The company guards routinely harassed the tent colonies, hoping to provoke incidents and bring about the intervention of the state militia, the Colorado National Guard. In October an armoured car, the 'Death Special', provided by Baldwin Felts, was used to machine gun the tent colonies at Ludlow and Forbes. The fighting that resulted was used by the governor, Elias Ammons, as an excuse to send in the National Guard.

Many of the National Guard companies were made up of company guards in uniform, subjecting the strikers and their families to a reign of terror. The National Guard attempted to disarm the strikers, regularly raided and searched the tent colonies, arrested and imprisoned union organisers without trial, escorted scabs into the mines, and either stood by or joined in when the tent colonies were attacked. Violence continued throughout the winter with fatalities on both sides.

By the spring of 1914 it was clear that a crisis was approaching, that the mine owners wanted the strike broken. An all out assault came on 20 April when National Guardsmen under the command of a former mine guard, Lieutenant Karl Linderfelt, a veteran of America's bloody counter-insurgency in the Philippines, attacked the Ludlow colony. They raked it with machine gun fire and then set fire to the tents, killing two women and 11 children. They captured a union organiser, Louis Tikas, and two strikers, who were then brutally beaten and shot.

The Ludlow massacre provoked an armed insurrection throughout the coalfield with the UMWA openly arming its members and supporters for war. Mines were attacked, company property destroyed, and scabs and company guards killed in a series of ferocious attacks. At Aguilar the company men retreated underground when the strikers attacked: they dynamited the shaft, trapping 35 scabs inside. At Forbes, after a fierce gun battle, the strikers overran the mine, killing nine guards and burning buildings and equipment.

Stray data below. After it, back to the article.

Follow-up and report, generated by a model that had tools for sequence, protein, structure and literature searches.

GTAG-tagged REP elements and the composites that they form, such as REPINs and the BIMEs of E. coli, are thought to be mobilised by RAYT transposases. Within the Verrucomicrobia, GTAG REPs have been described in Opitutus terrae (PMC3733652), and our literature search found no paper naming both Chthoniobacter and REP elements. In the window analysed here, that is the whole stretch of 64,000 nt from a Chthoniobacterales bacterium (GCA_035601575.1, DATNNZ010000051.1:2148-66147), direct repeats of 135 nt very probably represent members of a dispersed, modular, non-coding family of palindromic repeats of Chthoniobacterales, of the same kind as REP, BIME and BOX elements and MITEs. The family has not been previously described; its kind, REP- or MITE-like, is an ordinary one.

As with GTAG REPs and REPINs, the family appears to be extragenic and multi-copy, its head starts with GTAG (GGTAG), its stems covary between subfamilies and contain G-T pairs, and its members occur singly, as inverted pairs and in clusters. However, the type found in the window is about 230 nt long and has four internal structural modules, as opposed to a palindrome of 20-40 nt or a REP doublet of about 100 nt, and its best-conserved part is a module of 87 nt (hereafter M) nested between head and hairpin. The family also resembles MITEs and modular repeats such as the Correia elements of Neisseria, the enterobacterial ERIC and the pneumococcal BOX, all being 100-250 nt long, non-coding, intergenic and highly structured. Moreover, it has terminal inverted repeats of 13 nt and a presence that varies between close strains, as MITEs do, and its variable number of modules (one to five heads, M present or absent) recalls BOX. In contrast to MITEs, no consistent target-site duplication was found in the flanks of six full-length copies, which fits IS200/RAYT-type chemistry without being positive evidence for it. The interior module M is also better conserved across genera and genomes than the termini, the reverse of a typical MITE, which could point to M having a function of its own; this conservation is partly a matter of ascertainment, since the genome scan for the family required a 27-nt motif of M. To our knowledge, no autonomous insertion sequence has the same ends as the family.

On 28 April President Woodrow Wilson ordered federal troops into the coalfield. He had stood by while the strikers were on the receiving end, but now that company property was at risk US troops became involved. By the time the army arrived over 70 people were known to have been killed in the conflict.

The massacre provoked widespread protest throughout the US with demonstrations in many cities. Thousands of people demonstrated outside the State House in Denver, Colorado, and eventually occupied it. In New York Rockefeller's offices and home were picketed. But while there were demonstrations and protests, what was needed was industrial action.

The UMWA leadership responded to strike demands by asserting that 'we can better aid our gallant brothers in Colorado by remaining at work'. The bureaucracy put its faith in President Wilson, looking to him to secure a settlement, rather than to the rank and file and militant action. The opportunity to inflict a decisive defeat on the mine owners, not only in Colorado but throughout the US, was thrown away. Putting faith in the capitalist state to curb the power of the capitalist class was a disaster and the strike went down to defeat.

The strikers were starved back to work by November with thousands victimised and hundreds imprisoned. Union organisation was completely smashed and Rockefeller emerged victorious, and the bravery and determination of the miners was thrown away by a union bureaucracy which chose to put its trust in the state.
John Newsinger